There’s one big factor that goes a long way toward determining whether a student in San Diego County schools is likely to be back learning in a classroom, or at home doing distance learning. It’s not race, or wealth. It’s age.
Will Huntsberry analyzed countywide data from the San Diego County Office of Education and found that high schoolers are far more likely to be staying in distance learning than students in elementary or middle school: “Only 32 percent of elementary students remain in full-time distance learning. In middle school, 41 percent are learning remotely. And in high school, 53 percent of students have decided to stay home.
In San Diego Unified, the high school data is even more stark. A full 60 percent of high schoolers remain in full-time distance learning.”
There are several explanations for why high-schoolers are opting out of in-person learning: Some might still be taking care of younger siblings at home; some might have decided it wasn’t worth it to return to campus for just a couple months. But some might not have been served well by their pre-pandemic classrooms.
San Diego Unified school board president Richard Barrera told Huntsberry he’s confident most students will return full time in the fall, but acknowledged the district can improve students’ learning experiences to make coming back more attractive: “Barrera mentioned curriculum and discipline as two things that should be improved. He also pointed to two changes in the works at San Diego Unified. High schools across the district recently adopted later start times. And next year they’ll start using what’s called a four-by-four schedule, which means students only take four – instead of six or seven – classes per day,” Huntsberry reports.
- The U-T reports, meanwhile, that chronic absenteeism and failing grades among high schoolers increased dramatically over the last year.
Speaking of High Schools, There’s Now a Row Over Lincoln
San Diego Unified School District escalated its war of words with City Councilwoman Monica Montgomery Steppe on Thursday.
School Board Trustee Sharon Whitehurst-Payne issued an open letter in response to Montgomery-Steppe’s own open letter from a few weeks ago, comparing the councilwoman’s letter to the racist insult Cathedral Catholic football players notoriously leveled against Lincoln High players.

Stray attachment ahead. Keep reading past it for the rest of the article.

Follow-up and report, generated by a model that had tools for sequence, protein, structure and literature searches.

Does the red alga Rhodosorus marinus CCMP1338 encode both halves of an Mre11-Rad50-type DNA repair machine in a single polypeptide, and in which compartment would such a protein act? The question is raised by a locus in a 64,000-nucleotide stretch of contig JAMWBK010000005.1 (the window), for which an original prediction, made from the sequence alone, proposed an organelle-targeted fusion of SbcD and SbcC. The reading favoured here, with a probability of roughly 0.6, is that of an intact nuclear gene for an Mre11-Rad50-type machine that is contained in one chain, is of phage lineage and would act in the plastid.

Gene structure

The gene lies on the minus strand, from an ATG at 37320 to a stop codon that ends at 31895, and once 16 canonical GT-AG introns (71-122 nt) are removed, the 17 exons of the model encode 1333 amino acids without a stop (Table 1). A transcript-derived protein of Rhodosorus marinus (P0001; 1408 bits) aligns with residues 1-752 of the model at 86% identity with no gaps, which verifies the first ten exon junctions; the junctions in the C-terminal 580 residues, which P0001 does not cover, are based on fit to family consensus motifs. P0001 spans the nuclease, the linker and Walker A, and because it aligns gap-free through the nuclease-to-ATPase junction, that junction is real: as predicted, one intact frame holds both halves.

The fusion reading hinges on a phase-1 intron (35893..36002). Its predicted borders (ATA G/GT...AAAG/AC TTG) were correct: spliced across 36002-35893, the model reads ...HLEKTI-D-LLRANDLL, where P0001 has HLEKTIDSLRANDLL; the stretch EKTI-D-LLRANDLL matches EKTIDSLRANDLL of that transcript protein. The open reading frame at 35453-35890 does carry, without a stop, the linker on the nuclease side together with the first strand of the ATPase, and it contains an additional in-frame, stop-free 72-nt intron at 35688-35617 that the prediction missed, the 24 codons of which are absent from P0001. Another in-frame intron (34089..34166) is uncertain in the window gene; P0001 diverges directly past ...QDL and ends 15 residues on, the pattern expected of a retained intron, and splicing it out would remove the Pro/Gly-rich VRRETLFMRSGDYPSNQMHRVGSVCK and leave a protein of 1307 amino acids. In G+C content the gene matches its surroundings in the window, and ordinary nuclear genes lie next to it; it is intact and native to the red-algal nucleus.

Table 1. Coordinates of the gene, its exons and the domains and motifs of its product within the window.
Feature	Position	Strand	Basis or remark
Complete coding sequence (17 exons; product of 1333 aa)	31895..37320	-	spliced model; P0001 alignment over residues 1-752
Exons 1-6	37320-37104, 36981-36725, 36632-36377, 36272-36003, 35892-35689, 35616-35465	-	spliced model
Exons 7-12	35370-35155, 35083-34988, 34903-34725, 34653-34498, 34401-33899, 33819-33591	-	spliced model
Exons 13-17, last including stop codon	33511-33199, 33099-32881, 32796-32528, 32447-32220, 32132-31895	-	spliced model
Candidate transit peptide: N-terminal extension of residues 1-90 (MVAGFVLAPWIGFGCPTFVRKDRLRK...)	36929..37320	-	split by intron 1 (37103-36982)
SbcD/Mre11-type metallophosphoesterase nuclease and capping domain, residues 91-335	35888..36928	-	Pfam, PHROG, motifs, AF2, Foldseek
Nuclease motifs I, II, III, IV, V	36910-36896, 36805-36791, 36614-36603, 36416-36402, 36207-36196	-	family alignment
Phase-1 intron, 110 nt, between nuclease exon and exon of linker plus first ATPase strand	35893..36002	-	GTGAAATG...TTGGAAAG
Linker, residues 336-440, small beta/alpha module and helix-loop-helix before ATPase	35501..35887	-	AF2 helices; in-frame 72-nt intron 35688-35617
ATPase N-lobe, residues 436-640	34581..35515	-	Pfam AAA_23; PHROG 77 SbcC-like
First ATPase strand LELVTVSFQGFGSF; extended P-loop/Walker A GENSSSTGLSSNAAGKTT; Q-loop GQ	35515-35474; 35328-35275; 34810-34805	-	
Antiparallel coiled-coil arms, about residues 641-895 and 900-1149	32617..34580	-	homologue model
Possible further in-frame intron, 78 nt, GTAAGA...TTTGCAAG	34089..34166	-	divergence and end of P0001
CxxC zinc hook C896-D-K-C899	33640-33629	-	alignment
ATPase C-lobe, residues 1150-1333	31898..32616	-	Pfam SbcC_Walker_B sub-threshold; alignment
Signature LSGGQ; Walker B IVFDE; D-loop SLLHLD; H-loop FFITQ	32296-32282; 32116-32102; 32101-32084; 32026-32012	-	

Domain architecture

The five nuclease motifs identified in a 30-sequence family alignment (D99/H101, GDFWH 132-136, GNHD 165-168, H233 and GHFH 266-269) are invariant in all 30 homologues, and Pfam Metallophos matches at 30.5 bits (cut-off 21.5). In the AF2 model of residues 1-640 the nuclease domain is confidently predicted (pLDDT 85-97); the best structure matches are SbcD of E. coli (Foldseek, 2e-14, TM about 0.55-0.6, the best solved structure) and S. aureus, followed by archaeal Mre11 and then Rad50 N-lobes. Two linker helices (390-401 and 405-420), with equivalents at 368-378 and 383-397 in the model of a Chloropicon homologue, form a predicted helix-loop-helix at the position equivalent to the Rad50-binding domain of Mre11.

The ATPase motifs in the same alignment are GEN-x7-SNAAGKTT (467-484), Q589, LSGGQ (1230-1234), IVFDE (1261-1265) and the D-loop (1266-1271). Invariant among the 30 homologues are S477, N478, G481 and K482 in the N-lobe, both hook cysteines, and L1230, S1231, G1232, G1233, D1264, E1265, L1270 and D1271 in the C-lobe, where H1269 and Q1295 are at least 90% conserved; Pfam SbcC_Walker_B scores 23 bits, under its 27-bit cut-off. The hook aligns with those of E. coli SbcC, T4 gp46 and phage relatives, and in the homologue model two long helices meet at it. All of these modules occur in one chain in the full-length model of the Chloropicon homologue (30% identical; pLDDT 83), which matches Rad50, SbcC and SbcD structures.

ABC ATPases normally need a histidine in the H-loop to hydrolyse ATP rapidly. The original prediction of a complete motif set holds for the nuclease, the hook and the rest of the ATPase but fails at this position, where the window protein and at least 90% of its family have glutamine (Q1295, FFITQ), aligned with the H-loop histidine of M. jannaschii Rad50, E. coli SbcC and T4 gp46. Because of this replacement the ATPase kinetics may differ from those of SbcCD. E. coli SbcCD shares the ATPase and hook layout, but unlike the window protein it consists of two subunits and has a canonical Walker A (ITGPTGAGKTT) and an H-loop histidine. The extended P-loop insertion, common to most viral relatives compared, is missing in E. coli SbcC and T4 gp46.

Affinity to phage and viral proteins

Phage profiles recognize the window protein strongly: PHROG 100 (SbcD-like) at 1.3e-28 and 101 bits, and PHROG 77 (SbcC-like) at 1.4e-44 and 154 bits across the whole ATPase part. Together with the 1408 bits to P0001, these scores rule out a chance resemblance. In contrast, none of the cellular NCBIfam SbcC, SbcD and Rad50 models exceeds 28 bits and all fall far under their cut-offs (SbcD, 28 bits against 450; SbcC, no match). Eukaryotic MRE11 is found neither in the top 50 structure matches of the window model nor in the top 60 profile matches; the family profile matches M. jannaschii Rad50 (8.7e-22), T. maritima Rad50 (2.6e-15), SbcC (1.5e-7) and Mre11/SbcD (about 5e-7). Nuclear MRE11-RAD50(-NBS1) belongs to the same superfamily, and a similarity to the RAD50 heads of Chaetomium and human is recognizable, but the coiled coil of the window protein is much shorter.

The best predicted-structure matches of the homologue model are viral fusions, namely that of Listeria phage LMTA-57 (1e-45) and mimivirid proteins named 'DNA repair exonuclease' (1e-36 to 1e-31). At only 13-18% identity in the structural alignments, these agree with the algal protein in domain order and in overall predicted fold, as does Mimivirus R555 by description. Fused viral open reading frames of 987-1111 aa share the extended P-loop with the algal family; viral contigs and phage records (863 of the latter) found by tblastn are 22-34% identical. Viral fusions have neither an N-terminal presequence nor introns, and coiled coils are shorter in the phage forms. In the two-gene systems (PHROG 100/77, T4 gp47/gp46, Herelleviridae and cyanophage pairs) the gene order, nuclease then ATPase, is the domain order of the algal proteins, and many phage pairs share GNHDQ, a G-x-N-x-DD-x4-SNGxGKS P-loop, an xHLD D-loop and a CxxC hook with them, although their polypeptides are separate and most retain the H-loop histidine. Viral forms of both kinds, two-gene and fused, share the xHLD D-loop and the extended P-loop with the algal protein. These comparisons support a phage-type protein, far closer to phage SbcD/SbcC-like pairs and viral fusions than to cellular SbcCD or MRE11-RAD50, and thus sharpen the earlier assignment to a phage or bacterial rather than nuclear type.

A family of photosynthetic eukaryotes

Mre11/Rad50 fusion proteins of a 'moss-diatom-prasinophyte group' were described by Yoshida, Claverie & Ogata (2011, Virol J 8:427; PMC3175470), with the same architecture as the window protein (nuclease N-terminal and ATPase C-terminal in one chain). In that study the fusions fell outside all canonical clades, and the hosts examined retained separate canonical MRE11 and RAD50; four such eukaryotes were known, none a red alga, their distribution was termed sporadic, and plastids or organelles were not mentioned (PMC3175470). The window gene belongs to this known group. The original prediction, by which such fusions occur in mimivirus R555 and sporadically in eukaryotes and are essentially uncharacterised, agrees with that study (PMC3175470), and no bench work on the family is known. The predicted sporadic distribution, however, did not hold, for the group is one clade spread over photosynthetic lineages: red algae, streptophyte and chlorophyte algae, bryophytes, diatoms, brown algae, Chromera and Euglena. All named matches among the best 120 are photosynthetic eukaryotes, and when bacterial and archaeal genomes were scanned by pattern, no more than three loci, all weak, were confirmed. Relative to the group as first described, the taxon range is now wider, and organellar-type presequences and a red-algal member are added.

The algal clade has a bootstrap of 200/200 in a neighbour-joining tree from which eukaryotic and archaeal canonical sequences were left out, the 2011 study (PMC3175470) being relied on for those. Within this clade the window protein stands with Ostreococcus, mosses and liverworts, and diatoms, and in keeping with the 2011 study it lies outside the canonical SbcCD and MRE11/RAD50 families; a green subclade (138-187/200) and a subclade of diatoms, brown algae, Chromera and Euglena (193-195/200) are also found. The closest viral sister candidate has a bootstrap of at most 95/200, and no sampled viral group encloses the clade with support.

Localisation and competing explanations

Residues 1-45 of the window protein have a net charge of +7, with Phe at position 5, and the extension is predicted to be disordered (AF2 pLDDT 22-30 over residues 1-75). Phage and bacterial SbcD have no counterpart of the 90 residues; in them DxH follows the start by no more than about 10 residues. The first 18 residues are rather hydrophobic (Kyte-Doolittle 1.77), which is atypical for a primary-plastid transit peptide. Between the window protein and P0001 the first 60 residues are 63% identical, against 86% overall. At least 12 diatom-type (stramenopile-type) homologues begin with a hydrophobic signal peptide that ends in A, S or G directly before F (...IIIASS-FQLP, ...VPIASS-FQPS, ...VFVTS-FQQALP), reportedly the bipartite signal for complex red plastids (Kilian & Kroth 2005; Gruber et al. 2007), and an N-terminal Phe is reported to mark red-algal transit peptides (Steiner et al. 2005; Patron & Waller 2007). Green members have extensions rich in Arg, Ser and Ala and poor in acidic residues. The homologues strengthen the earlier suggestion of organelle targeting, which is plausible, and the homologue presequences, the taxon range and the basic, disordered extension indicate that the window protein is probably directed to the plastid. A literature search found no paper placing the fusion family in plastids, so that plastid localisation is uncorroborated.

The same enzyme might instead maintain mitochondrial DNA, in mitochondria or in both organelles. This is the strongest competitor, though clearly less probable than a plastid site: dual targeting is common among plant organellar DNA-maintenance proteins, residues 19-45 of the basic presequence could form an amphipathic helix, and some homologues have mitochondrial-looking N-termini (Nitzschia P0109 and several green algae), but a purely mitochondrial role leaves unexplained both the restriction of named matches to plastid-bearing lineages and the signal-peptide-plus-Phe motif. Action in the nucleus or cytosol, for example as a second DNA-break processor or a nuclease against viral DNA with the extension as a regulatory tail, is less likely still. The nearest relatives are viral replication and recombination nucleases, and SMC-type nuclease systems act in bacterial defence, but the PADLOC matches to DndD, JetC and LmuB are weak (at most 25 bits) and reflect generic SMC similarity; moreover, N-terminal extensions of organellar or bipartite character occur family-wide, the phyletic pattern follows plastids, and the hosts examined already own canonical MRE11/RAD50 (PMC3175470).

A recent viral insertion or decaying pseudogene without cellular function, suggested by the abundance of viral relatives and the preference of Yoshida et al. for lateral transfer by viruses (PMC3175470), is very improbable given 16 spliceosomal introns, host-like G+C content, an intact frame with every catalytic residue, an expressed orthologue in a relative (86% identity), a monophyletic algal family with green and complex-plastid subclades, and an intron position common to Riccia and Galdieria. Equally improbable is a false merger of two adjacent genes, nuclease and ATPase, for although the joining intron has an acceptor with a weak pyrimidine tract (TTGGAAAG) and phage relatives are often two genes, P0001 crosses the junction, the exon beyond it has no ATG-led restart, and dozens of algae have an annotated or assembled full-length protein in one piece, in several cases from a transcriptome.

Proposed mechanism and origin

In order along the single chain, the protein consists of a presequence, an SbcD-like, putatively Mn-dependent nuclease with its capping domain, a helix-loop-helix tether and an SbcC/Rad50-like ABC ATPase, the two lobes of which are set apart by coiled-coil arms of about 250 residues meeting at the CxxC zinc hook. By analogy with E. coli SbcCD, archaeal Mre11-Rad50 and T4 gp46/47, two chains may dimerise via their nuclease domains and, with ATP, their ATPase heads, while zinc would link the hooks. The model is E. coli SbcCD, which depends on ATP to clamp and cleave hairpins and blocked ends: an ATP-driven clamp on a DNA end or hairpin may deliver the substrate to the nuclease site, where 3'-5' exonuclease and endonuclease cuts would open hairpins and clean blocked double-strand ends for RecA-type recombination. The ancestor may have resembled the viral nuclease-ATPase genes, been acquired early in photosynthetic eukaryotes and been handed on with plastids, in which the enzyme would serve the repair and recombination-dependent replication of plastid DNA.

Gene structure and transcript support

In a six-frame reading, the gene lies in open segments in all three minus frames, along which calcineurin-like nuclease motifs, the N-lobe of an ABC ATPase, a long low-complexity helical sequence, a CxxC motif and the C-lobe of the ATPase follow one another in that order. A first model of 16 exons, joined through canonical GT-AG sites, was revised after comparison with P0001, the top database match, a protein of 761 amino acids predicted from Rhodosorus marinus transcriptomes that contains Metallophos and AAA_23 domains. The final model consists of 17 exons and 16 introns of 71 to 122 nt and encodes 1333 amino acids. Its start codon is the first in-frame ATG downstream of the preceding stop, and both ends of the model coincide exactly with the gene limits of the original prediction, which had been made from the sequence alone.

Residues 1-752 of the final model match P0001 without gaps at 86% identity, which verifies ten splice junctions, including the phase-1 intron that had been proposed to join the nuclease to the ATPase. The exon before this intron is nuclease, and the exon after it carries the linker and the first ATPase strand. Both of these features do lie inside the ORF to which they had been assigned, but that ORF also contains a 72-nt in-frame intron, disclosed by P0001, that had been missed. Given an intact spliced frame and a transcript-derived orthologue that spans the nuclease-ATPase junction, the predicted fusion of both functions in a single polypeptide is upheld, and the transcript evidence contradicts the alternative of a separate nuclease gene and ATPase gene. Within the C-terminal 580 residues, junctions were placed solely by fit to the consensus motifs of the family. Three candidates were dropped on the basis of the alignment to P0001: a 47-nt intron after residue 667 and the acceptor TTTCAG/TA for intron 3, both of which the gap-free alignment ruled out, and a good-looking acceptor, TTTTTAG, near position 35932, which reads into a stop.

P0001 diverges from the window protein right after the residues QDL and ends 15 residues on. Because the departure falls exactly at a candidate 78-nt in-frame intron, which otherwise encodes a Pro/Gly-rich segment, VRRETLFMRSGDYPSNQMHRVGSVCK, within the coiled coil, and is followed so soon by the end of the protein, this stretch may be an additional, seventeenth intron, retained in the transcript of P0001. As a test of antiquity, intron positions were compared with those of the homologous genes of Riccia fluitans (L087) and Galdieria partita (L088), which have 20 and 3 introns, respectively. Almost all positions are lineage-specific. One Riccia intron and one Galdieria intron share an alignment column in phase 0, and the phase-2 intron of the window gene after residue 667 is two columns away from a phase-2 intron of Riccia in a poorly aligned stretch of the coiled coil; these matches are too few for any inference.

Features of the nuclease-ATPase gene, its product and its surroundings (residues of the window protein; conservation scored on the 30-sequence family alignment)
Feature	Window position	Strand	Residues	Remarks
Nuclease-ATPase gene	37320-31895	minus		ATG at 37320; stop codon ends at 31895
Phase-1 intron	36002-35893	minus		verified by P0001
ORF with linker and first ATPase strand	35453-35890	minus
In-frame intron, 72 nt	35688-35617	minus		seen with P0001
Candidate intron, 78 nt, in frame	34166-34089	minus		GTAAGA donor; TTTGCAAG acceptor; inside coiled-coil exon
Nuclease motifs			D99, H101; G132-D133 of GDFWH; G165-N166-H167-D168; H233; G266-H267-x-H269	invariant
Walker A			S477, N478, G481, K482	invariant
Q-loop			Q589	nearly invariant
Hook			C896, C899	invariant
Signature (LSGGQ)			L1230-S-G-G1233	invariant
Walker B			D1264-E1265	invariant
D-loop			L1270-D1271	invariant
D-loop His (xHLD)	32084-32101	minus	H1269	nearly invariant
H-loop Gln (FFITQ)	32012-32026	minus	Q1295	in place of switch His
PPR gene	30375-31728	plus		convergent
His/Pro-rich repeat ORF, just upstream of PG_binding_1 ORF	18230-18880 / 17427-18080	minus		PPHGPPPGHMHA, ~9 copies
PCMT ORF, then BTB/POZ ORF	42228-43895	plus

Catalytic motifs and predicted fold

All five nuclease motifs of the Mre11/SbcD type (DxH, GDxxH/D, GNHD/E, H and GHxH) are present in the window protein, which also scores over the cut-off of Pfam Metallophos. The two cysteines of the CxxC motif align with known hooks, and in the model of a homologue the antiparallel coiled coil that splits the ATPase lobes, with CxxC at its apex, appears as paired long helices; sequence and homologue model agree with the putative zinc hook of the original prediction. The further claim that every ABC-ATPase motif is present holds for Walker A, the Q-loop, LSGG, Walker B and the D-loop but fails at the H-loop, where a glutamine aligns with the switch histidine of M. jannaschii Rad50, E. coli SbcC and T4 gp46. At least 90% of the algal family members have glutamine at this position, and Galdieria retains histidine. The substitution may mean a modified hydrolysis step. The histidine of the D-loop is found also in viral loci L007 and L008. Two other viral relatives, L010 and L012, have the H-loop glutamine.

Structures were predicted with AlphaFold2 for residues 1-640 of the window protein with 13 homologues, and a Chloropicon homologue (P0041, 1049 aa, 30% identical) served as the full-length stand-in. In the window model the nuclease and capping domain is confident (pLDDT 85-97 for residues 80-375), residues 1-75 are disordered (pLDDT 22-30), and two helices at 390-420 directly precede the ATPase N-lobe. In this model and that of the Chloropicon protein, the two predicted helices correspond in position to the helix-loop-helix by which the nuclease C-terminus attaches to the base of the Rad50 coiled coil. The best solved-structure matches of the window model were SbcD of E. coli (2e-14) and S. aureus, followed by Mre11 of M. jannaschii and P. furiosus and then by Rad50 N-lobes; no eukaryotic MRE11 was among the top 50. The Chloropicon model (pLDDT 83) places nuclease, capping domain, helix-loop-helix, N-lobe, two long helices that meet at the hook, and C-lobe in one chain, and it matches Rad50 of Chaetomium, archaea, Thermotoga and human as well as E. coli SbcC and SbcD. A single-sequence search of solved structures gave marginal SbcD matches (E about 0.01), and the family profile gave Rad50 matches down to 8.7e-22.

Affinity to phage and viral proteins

“Your attack on our students and Lincoln High School is beneath the dignity of your office. You owe those students and our community an apology,” Whitehurst-Payne wrote.
Montgomery Steppe’s letter from May 19 had included 12 questions that she wanted the district to address.
“I am writing this correspondence because of my grave concerns over the instability at LHS. Perpetual missteps have turned into a crisis that continues to impact our entire community,” Montgomery Steppe wrote. She specifically sought information about student performance and why the director of the school, who had helped manage it alongside the principal, had recently departed abruptly.
The questions and letter were unacceptable to Whitehurst-Payne.
“You should also know better than to request private personnel information related to employees of the district. I find it incredibly unprofessional to demand information on the transfer of an employee,” she wrote.
School Board President Richard Barrera had already dismissed Montgomery Steppe’s letter in a statement to the Union-Tribune. But the letter from Whitehurst-Payne was a significant escalation of the rhetoric and was seething in contempt: “Should you decide to educate yourself appropriately on Lincoln’s status, here is what you will find,” it reads, before listing accomplishments not directly responsive to Montgomery Steppe’s questions.
Mayors at Odds Over SB 9
In a new Union-Tribune op-ed, Mayor Todd Gloria hypes SB 9, a bill written by Senate President Pro Tem Toni Atkins that would allow duplexes and four-plexes on single-family lots.
Gloria’s support for the measure isn’t a surprise: As a member of the Assembly last year, he voted for a nearly identical bill that ultimately failed. The revived version of that bill is now SB 9.
In his commentary, Gloria issues a challenge to those who complain about homelessness and housing affordability: Support solutions, or stop complaining. “If you’re telling us that you’re embarrassed by the homelessness that plagues our city, you’re telling us that you’ll accept affordable homes in your community,” he writes.
Meanwhile, Solana Beach Mayor Lesa Heebner expanded on why she doesn’t support the measure. Last week, she told VOSD’s Sara Libby that she opposes the bill and doesn’t think it will work for wealthy coastal communities like hers.
In a series of responses to that piece, Heebner said that because the measure doesn’t include affordable housing provisions, it could make housing more expensive in places like Solana Beach: “It’s an unfounded myth that in desirable places more supply will drive prices down,” she wrote.
In Other News
- In this week’s Learning Curve, Will Huntsberry contrasts the rhetoric being used to promote San Diego Unified’s new summer “experiences,” with the availability of those programs.
- The California Occupational Safety and Health Standards Board is set to require workers to continue wearing masks unless everyone in a room is fully vaccinated against the coronavirus. (NBC San Diego)
- A community choice energy program serving Riverside County is filing for bankruptcy. Leaders of two similar programs in San Diego County say they’re financially secure. (Union-Tribune)
- A day after local and federal law enforcement officials held a press conference warning about increasingly dangerous human smuggling efforts, federal agents detained more than a dozen people who’d crossed into the country in a fishing boat. (NBC San Diego)
The Morning Report was written by Sara Libby and Scott Lewis.